13th April.10 miles [17km] up over the Causse de Severac. A long climb up to the Col de Lagarde 810 metres [2657 feet]. Dry limestone ,waterless hills, thousands of cowslips. Got to Severac, it's a charmless place, bought a cake, a 'toi et moi,' a sort of eclair, coffee one end, chocolat the other. Watered the horse at the fountain, carried on, got some water from a house for me, the old man who gave it to me said he preferred white wine to water.
It's quite a steep hill out of the town, it's Palm Sunday and old couples are driving up to the cemetary to put offerings on their relatives graves, the road is narrow and they are delayed momentarily by a horse plodding  up the hill, several of them wave happily to me, but  the last car, an old man with his wife, beeps his horn angrily and shakes his fist. I expect if he'd seen a man with a beard riding a donkey, he'd have been unpleasant to him too.
A bit further on and l stopped at the source of the Aveyron. I drank the water and l'm still alive, it tasted much better than the tap water. It was a good place to stop for the night.
The source of the Aveyron

30 Working donkeys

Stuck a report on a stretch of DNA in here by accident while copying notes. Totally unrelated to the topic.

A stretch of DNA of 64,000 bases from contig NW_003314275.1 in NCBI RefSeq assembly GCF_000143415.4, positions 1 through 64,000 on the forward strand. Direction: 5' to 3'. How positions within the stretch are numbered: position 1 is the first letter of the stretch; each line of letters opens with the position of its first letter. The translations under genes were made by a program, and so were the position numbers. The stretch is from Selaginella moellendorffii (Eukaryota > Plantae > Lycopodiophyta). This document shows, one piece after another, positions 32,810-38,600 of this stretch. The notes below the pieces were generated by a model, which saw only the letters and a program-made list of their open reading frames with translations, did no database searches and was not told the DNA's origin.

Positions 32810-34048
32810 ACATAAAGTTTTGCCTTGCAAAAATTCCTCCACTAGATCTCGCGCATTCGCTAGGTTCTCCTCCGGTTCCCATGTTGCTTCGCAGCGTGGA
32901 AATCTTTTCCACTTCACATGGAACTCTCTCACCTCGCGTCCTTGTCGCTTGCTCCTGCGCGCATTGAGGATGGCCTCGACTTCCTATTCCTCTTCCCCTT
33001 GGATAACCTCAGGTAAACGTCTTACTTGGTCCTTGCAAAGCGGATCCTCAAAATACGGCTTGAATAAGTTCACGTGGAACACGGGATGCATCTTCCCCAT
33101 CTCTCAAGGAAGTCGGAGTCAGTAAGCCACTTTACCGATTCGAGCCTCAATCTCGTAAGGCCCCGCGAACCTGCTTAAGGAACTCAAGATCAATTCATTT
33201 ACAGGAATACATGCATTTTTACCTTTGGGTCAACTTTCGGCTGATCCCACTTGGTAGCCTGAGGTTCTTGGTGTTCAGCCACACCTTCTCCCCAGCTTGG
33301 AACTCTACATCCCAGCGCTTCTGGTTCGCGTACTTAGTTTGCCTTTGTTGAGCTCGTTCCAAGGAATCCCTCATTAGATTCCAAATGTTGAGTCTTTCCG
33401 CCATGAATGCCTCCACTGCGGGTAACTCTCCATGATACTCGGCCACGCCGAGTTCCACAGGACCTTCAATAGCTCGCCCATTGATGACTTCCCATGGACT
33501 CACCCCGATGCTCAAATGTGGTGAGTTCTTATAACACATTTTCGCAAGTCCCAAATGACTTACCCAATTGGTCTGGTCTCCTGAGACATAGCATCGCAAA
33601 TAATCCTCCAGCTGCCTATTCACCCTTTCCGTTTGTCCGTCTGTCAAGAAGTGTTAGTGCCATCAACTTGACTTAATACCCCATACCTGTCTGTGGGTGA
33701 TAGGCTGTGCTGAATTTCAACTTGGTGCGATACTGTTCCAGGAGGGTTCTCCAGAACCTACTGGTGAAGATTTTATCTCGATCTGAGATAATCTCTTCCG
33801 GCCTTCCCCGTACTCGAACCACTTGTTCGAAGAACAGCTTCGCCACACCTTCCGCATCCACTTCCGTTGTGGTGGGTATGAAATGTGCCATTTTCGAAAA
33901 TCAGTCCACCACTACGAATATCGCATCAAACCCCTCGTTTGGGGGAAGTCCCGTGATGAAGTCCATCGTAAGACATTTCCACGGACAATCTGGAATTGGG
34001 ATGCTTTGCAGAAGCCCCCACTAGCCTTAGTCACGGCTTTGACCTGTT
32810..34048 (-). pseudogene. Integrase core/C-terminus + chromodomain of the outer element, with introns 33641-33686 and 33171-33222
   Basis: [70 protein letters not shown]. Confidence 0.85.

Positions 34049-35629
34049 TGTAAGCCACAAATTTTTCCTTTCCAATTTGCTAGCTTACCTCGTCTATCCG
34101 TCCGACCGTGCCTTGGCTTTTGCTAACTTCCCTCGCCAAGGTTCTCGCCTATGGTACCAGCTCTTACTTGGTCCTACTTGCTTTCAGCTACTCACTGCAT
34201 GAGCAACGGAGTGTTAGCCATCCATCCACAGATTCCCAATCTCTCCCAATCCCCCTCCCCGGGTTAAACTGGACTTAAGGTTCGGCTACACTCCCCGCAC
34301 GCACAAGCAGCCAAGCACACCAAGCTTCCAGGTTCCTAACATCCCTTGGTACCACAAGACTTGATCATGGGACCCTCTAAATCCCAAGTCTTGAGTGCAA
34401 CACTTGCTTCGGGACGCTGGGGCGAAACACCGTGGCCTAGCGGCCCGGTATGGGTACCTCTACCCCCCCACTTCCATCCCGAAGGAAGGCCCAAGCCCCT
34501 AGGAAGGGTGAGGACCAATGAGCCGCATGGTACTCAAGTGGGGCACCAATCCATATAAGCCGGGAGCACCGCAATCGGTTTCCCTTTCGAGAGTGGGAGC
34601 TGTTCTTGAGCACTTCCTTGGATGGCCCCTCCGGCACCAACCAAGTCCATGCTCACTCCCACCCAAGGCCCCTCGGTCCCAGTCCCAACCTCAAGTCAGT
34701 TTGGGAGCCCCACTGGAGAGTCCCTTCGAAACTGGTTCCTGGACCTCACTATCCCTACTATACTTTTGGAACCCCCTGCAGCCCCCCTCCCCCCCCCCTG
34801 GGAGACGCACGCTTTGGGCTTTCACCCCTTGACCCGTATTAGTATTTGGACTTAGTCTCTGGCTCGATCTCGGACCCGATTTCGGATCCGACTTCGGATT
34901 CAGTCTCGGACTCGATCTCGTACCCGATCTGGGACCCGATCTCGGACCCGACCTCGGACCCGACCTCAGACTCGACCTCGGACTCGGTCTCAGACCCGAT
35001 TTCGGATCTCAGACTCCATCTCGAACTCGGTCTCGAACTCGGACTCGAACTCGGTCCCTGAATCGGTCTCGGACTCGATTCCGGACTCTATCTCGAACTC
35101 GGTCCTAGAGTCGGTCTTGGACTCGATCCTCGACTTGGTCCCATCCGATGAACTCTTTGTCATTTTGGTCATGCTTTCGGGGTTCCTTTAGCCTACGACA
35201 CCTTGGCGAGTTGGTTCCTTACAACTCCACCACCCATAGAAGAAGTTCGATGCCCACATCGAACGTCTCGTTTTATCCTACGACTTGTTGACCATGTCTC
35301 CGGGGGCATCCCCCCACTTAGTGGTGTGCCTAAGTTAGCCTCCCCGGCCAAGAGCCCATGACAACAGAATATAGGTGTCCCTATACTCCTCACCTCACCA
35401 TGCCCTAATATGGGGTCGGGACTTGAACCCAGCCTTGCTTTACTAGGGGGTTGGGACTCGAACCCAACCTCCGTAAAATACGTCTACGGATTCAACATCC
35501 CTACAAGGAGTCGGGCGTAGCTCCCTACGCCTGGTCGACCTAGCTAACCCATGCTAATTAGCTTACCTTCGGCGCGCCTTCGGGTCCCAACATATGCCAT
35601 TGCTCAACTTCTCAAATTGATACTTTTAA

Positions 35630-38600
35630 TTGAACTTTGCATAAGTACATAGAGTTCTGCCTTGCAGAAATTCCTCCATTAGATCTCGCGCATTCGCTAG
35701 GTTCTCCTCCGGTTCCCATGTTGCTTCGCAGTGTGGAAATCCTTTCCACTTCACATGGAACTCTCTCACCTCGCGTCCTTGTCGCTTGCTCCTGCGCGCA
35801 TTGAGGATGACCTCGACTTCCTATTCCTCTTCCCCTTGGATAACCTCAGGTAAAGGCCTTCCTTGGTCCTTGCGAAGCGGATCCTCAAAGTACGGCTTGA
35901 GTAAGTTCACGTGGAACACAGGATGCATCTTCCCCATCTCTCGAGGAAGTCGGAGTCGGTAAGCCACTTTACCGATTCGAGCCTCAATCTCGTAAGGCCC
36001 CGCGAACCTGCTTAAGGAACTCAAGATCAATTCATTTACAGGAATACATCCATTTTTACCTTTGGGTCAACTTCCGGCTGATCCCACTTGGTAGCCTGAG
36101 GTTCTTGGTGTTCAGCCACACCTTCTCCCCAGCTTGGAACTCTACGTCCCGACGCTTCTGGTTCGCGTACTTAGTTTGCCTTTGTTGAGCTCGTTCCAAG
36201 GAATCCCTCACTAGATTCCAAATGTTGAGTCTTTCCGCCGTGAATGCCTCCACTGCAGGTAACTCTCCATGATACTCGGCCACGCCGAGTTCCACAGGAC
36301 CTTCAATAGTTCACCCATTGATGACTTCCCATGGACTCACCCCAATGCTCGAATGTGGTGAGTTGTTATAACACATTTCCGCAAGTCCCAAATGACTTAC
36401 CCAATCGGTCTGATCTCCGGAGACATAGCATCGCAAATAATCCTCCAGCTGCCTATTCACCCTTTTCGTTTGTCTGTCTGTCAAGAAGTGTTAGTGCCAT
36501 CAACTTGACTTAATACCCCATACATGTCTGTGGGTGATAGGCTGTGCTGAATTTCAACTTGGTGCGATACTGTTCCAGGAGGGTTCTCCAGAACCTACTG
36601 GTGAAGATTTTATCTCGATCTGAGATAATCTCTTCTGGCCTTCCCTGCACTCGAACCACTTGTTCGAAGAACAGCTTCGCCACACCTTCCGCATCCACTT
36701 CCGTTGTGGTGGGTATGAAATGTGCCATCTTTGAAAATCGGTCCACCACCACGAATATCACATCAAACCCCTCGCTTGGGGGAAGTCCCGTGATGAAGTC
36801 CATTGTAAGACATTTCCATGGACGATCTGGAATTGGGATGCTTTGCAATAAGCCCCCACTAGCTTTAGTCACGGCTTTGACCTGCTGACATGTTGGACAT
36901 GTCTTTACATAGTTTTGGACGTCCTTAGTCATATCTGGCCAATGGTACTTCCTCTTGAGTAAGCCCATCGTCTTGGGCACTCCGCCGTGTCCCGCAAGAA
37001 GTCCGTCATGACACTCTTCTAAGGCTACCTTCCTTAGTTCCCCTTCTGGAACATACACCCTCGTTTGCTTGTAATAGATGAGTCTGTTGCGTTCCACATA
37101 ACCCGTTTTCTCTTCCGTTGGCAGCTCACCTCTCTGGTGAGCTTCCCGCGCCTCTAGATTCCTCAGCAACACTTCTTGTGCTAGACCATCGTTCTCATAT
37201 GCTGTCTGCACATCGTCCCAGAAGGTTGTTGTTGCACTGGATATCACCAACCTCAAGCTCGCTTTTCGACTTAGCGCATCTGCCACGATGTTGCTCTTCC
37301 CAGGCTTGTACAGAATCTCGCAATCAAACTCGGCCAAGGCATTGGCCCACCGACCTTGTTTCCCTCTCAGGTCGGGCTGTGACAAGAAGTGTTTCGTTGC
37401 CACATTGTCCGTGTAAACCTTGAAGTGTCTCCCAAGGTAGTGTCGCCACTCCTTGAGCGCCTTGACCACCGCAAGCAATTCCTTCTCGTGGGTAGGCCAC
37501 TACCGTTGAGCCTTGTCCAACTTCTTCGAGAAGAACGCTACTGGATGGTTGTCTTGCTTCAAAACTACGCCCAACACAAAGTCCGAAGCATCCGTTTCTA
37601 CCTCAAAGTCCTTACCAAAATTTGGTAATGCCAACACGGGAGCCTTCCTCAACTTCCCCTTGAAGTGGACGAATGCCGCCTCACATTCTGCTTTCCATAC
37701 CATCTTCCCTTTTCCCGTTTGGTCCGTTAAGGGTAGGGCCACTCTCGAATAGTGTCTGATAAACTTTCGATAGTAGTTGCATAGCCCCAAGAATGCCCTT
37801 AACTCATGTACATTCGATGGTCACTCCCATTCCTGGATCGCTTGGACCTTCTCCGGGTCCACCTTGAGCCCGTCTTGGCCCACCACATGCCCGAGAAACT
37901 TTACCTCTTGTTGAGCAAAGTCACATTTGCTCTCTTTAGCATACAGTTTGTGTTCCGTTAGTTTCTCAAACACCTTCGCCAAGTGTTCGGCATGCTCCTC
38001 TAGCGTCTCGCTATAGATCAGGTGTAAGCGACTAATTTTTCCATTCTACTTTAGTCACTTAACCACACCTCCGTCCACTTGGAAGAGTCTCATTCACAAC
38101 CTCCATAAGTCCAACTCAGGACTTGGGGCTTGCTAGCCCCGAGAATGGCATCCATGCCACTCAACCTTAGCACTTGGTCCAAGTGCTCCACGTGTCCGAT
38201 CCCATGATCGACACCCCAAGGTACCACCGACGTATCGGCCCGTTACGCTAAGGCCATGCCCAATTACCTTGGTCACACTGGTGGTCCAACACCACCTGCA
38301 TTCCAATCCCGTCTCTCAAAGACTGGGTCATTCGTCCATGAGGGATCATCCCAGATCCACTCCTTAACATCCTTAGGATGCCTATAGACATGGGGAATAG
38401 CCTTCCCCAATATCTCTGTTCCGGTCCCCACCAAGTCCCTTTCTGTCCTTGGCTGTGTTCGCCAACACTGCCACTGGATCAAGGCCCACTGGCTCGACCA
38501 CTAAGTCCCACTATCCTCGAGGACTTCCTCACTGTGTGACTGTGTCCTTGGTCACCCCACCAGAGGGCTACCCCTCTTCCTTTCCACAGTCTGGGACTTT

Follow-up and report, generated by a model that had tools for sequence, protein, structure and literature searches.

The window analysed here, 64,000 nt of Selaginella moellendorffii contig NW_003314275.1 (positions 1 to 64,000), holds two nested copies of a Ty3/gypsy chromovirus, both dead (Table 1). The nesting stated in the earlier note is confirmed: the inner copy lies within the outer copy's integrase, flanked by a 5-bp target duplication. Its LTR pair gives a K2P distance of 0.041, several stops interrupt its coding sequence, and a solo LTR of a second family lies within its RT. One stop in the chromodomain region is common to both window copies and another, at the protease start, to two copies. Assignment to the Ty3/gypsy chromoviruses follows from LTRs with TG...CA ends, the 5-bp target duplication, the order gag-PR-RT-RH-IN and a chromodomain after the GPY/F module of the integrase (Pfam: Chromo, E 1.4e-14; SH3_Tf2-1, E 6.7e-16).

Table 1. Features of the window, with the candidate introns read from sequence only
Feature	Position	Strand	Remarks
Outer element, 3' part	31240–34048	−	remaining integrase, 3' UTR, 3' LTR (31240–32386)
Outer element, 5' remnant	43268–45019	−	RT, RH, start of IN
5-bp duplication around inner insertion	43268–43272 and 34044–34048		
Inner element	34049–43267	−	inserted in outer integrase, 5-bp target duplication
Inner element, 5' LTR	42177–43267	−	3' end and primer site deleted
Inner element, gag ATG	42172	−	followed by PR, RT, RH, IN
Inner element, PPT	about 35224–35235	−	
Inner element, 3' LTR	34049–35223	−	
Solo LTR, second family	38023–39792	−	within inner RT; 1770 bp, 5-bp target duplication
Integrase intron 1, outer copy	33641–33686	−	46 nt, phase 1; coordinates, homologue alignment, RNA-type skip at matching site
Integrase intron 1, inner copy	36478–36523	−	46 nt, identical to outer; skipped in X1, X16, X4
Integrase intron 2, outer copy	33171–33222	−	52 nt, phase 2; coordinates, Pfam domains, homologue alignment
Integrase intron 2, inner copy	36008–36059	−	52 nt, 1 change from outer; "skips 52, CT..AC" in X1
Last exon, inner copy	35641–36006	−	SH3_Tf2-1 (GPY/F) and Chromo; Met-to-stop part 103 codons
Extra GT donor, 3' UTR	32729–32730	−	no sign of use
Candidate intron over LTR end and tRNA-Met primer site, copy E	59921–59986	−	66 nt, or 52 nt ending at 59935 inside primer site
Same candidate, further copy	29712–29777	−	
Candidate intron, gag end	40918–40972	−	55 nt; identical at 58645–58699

After Maurs, l headed east along the river Lot. This is beautiful country and some of the people speak the patois of Occitan. The villages are really attractive. Beside the river there are small, very fertile fields, ideal for growing vegetables. The hillsides are steep and wooded. The woods are abundant with  chestnut, hazel and walnut trees. A very good honey is produced here, and at this time of year the bees are busy collecting pollen from the flowers of the chestnuts.
Bilingual signs, French and Occitan
I stopped the night with Cedric, he has a smallholding. He uses donkeys and an old Cob de Normandie  for many of the jobs. In the morning he prepared some ground for potatoes, using two good strong donkeys.
Two good strong donkeys